By Daniel Hunter

The number of Scottish firms failing in the first quarter of 2013 fell by 62.9% compared with the same quarter in 2012 and by 22.7% compared with the fourth quarter of 2012 according to analysis of the latest figures by leading accountancy and business advisory firm, BDO LLP.

The latest Accountant in Bankruptcy (AiB) figures show that 143 Scottish companies went bust in the first thirteen weeks of this year compared to 385 in the first quarter of 2012.

Although these figures appear to indicate a dramatic improvement in the performance of businesses in Scotland there are some anomalies within the figures. The figure for creditors voluntary liquidations and receiverships are broadly in line with previous quarters. The major fall is entirely down to compulsory liquidations which have reduced by 75.6% on the same quarter in 2012. The last quarter when compulsory liquidations was as low as this quarter was in Q4 2007 when the recession had not yet started.

“These figures would, on the surface, indicate an improvement in the performance of the Scottish business community. The dramatically reduced numbers appear to show a more benign economic environment. If that is the case then this is to be welcomed," Bryan Jackson, Business Restructuring partner, BDO LLP, commented.

"However, this may be more of a temporary blip than a full recovery. It is difficult to believe that businesses are operating in a more benign economic environment now than they were a year ago given the continued number of high profile failures.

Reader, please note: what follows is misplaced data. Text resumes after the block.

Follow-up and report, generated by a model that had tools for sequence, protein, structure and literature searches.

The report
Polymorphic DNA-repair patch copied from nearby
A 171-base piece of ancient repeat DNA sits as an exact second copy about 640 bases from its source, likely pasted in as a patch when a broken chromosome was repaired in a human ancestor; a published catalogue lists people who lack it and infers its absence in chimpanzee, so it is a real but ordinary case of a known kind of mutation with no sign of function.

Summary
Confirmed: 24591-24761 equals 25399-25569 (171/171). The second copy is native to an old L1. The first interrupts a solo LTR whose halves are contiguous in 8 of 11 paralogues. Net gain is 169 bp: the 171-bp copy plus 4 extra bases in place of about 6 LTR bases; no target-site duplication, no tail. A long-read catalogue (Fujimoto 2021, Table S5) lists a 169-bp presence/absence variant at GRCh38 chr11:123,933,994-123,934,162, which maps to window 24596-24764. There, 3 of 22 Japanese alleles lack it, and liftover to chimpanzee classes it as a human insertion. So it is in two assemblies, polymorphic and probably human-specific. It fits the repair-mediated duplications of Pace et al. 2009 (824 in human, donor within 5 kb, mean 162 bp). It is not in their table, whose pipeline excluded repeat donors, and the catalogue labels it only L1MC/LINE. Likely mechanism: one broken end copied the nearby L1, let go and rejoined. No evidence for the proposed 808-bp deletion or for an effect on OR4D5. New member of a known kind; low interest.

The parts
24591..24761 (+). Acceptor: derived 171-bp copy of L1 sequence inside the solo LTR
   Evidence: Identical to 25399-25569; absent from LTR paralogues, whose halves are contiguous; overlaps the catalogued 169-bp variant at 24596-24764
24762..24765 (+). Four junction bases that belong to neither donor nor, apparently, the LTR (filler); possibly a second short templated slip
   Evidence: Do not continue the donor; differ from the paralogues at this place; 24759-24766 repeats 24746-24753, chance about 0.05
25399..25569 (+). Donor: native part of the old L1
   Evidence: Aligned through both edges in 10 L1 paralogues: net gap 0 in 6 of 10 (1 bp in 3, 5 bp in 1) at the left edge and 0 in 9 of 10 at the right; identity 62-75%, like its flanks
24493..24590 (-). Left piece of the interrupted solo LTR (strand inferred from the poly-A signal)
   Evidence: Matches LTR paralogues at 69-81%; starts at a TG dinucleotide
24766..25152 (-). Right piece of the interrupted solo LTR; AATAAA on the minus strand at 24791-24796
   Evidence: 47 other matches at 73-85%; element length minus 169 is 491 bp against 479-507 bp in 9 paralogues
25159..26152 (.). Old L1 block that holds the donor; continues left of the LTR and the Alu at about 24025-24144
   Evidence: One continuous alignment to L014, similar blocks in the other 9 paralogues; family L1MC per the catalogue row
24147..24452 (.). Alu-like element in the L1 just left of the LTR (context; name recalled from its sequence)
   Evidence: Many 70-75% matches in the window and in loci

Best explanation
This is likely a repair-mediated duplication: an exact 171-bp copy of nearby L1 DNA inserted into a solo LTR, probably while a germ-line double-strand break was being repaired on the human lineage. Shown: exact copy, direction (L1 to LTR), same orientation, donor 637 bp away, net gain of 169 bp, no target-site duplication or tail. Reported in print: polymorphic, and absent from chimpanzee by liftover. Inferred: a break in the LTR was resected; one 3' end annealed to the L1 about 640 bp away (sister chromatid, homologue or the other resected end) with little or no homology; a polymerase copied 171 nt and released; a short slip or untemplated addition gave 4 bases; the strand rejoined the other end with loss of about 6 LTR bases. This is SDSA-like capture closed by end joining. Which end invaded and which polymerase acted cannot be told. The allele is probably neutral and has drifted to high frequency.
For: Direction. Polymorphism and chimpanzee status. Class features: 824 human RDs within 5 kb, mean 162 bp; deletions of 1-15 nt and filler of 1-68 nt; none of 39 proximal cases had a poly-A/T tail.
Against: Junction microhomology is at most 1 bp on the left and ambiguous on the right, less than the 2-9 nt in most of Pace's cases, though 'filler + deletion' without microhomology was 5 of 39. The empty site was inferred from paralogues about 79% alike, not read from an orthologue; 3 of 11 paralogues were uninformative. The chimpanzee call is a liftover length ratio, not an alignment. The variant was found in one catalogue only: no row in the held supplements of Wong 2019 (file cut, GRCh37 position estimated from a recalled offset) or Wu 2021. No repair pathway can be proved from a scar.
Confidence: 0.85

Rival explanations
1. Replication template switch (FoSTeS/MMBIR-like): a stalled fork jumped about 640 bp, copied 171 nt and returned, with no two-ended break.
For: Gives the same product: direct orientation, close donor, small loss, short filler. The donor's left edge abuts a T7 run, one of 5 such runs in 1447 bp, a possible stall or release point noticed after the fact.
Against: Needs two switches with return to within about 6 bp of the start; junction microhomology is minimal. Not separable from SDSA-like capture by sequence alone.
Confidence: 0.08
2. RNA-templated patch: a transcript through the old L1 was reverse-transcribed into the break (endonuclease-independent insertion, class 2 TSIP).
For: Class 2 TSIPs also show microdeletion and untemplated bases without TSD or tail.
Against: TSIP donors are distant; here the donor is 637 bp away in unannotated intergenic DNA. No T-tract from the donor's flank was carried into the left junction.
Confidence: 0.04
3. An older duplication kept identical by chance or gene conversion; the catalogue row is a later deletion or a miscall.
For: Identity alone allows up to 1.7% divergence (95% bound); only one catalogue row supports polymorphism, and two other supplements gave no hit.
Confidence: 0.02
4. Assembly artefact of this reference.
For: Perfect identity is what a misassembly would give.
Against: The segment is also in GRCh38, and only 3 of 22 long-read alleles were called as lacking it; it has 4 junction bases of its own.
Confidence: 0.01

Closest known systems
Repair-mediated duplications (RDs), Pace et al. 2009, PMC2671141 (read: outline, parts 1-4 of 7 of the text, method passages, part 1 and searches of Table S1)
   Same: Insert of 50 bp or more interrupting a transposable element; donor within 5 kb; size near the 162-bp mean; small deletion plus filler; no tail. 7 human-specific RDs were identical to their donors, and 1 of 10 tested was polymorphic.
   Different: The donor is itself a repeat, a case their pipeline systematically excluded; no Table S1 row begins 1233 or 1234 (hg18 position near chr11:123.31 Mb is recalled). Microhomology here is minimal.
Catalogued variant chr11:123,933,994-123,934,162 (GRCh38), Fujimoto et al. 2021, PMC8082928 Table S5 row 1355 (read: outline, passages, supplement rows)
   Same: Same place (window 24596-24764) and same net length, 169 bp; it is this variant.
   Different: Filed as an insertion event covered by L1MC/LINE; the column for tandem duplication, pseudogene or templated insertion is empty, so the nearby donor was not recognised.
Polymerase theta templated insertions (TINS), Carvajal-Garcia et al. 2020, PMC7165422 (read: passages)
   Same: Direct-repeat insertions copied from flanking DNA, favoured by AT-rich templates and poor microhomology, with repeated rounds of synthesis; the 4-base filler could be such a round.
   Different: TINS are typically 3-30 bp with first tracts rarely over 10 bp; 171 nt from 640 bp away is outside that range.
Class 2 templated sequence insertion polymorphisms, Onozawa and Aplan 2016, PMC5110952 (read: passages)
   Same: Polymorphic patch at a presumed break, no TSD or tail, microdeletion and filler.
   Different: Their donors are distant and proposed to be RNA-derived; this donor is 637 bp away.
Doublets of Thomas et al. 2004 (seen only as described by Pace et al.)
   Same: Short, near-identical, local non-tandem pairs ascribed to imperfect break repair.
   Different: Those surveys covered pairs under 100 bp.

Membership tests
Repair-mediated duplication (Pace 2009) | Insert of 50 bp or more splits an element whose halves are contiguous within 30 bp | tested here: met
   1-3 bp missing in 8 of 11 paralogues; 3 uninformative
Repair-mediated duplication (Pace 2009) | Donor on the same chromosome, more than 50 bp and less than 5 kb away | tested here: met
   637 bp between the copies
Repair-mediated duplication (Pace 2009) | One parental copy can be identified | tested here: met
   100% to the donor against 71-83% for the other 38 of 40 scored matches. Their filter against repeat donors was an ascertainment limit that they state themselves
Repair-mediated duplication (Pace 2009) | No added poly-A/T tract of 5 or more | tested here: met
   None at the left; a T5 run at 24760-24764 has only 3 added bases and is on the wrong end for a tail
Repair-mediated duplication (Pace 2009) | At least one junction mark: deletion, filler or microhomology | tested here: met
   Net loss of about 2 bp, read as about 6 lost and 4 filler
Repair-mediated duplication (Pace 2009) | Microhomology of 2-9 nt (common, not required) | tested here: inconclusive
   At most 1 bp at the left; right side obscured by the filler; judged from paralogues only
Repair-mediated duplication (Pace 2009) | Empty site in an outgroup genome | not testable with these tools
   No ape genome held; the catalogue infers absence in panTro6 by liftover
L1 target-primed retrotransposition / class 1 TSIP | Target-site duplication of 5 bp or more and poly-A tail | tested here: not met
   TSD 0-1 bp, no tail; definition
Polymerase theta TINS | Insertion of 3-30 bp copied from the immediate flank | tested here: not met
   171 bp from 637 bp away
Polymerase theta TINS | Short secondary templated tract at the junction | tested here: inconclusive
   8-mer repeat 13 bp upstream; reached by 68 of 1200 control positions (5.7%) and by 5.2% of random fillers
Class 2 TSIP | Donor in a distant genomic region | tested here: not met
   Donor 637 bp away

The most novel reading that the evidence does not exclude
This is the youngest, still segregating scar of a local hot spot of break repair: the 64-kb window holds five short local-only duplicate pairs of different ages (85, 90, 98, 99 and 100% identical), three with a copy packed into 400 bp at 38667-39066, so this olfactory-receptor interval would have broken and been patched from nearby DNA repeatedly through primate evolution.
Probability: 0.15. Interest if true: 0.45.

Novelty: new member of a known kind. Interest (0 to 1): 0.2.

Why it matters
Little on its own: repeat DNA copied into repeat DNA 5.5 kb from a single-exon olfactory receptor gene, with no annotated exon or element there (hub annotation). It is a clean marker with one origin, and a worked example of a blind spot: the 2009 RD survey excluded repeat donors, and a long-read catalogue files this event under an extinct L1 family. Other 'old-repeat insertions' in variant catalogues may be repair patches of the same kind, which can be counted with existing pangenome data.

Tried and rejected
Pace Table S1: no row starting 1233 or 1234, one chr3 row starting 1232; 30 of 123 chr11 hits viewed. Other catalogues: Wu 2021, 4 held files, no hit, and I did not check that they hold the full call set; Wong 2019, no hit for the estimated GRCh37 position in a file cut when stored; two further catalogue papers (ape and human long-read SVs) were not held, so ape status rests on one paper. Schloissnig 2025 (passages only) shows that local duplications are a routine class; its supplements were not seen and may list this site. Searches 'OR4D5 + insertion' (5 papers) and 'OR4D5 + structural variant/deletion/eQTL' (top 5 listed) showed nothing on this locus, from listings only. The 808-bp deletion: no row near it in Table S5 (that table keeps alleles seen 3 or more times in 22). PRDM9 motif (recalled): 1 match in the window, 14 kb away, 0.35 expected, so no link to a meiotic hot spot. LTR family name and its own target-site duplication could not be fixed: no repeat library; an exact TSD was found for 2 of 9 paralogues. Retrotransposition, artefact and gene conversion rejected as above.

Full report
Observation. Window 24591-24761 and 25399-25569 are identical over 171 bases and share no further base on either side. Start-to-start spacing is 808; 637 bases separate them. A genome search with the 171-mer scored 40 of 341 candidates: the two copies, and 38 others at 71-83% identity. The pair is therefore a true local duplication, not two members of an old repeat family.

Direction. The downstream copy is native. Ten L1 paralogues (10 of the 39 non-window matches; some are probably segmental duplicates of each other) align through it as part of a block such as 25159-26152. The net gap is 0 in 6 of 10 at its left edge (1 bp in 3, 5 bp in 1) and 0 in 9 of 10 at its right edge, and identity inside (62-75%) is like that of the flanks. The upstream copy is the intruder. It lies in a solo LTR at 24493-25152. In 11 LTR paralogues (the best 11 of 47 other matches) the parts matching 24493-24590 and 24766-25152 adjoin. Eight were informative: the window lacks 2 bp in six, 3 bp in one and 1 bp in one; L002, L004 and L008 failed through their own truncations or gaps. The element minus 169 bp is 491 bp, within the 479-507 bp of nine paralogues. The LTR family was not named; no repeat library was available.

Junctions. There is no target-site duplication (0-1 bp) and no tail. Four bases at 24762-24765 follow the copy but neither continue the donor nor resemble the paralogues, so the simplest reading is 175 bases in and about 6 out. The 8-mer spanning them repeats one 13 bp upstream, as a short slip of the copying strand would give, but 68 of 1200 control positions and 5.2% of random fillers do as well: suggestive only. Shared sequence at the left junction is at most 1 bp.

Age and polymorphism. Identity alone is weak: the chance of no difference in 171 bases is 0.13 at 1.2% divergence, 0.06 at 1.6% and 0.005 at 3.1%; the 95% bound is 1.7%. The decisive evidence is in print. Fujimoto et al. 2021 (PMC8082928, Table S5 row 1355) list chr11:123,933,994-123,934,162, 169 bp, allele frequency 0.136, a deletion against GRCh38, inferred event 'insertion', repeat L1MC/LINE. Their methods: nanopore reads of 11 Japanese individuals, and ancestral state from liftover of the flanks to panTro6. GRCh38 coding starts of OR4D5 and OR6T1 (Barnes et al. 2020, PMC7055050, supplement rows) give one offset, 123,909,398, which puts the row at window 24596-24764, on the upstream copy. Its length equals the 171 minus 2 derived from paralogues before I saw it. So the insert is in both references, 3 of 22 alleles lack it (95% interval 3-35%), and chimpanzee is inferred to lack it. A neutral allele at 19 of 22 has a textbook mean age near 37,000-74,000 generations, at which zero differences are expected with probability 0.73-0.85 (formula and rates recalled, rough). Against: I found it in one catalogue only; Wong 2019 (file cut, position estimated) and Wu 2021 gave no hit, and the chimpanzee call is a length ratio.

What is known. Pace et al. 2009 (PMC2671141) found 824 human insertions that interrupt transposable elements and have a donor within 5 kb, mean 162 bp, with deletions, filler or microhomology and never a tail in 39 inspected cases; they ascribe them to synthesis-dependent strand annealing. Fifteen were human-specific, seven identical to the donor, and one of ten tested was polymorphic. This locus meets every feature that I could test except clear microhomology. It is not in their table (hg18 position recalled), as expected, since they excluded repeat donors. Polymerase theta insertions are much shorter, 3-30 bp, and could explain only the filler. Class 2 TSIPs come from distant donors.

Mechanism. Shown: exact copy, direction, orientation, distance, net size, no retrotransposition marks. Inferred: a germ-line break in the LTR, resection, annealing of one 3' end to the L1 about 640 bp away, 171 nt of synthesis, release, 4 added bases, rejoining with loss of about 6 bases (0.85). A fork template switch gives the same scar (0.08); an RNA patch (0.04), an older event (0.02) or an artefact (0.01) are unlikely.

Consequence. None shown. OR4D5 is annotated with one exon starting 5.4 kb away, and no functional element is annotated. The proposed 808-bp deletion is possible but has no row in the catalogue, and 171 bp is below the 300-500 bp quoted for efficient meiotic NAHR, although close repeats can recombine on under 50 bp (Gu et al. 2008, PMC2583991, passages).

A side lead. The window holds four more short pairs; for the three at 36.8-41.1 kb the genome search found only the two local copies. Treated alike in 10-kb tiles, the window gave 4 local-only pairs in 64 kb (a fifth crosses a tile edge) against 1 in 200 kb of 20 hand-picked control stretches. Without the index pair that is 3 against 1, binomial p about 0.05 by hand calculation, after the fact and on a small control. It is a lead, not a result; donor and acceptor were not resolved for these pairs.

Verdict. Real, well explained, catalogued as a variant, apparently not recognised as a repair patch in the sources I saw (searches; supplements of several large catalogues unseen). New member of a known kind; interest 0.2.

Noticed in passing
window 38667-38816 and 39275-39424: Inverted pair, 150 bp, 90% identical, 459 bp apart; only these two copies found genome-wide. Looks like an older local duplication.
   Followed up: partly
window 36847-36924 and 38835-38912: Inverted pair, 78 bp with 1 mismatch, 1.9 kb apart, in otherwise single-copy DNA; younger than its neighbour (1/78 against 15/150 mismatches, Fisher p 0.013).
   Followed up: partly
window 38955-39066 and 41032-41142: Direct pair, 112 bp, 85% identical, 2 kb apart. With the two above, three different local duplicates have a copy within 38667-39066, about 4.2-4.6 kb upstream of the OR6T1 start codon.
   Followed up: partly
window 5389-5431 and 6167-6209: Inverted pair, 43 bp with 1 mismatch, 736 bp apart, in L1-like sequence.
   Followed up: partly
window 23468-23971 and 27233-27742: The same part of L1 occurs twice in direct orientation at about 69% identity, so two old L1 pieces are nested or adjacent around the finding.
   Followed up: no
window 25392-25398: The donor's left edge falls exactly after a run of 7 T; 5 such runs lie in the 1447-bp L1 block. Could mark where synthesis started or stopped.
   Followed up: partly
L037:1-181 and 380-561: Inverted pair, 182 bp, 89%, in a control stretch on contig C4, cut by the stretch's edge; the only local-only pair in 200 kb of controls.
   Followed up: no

“The reduced failure rate could be due to more realistic expectations and planning by business owners. As the recession has lasted so much longer than anyone expected we may be in a period when most Scots business owners are operating more effectively in relation to the current market conditions.

“It should be stated, however, that there remain structural difficulties within certain business sectors including retail, hospitality, and construction which are causing considerable difficulties among many Scottish businesses. Even today there was the announcement of the closure of 26 shops within the 146 year old Dundee-based shoe group which trades as DE shoes and foot factory.

“I would hope that these figures indicate a major shift for Scottish business but fear that they may be more to do with a temporary improvement rather than any major change in the economy.”

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